Now I know I'm nuts. I'd always wondered as a high school English teacher how gutsy I would be when it came to creativity and moving beyond the reading and writing that is required of me and my students. So when brilliant ideas come to me, I often hesitate presenting them to my kids for fear of of "the stare." Eyes glaze over, faces are expressionless as students are surely thinking "she's got to be kidding!" Most of the time, I am not.
One of these brilliant ideas worked two years ago when I taught Animal Farm for the first time.
"Wouldn't it be fun to build replicas of the farm," I thought to myself one early, early morning. So I made some notes and approached my senior students. A few of them had "the stare," but more than one simply needed more information and then they were all for it. So after brainstorming guidelines and presenting edited versions of my plan, they got to work and pretty soon my room was littered with farm animals of all shapes and sizes, glue guns, craft sticks, plywood, poster paint, stones, straw, and barns. It was creative chaos at its best. And the end results were amazing.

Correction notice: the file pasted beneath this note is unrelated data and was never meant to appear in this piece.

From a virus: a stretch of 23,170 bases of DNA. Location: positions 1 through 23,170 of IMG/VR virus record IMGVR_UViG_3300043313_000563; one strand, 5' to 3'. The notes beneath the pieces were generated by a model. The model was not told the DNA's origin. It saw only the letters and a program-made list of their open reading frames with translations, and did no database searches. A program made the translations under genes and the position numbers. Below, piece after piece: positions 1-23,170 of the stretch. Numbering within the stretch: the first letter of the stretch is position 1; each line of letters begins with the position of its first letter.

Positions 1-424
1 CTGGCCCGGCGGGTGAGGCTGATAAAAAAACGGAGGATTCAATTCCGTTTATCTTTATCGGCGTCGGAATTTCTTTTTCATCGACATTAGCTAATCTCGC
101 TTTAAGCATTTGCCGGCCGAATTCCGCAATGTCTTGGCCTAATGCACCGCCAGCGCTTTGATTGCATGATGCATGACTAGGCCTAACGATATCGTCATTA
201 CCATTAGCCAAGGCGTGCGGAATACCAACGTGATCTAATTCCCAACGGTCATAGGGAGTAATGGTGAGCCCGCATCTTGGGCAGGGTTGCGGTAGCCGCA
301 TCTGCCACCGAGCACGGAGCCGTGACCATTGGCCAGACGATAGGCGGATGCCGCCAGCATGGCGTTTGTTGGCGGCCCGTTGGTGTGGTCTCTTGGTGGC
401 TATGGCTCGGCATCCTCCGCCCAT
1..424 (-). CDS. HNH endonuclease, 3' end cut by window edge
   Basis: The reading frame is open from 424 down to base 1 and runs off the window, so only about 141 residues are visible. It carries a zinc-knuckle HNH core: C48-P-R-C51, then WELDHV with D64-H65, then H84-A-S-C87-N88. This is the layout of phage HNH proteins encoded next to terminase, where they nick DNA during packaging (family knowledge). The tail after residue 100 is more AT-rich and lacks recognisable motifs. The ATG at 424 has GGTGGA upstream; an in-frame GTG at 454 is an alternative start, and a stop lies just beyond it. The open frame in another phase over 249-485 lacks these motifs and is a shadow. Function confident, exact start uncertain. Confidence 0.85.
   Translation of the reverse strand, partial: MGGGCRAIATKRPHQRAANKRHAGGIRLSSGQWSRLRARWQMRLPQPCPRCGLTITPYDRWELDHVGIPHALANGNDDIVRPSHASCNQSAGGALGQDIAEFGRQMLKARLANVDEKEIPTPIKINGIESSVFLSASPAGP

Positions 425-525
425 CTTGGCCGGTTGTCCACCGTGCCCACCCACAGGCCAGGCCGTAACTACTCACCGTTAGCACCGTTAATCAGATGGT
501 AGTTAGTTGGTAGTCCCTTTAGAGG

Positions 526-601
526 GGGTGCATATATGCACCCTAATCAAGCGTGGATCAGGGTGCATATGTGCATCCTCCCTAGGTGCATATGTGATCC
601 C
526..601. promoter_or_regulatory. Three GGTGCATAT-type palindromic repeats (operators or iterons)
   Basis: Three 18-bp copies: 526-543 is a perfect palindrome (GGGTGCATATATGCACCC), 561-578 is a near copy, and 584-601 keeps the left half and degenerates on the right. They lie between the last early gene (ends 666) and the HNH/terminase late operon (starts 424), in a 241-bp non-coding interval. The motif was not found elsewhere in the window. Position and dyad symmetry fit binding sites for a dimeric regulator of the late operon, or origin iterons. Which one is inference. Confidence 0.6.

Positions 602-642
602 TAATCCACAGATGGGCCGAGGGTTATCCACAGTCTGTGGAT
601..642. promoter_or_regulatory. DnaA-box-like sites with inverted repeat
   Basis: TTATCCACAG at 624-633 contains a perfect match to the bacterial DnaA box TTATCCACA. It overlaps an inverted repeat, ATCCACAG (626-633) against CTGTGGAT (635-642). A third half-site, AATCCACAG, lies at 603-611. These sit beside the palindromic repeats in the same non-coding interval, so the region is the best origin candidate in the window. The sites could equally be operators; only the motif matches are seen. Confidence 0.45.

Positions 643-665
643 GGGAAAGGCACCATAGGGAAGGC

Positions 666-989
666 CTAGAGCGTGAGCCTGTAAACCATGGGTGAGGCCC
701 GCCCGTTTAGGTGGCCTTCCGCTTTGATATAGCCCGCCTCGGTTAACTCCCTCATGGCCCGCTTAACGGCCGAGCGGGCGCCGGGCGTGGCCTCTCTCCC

That has now become a traditon, only three years old, and my kids hear legendary stories of these farms. I hope these African masks will become such legend.
I look across my desk to the 50 or so faces molded in soggy newspaper that line my room and think "We're nuts!" But you have to be to survive these days.
Students, how's it going? What are your plans to personalize these masks? Do you think it was worth it?
We shall see...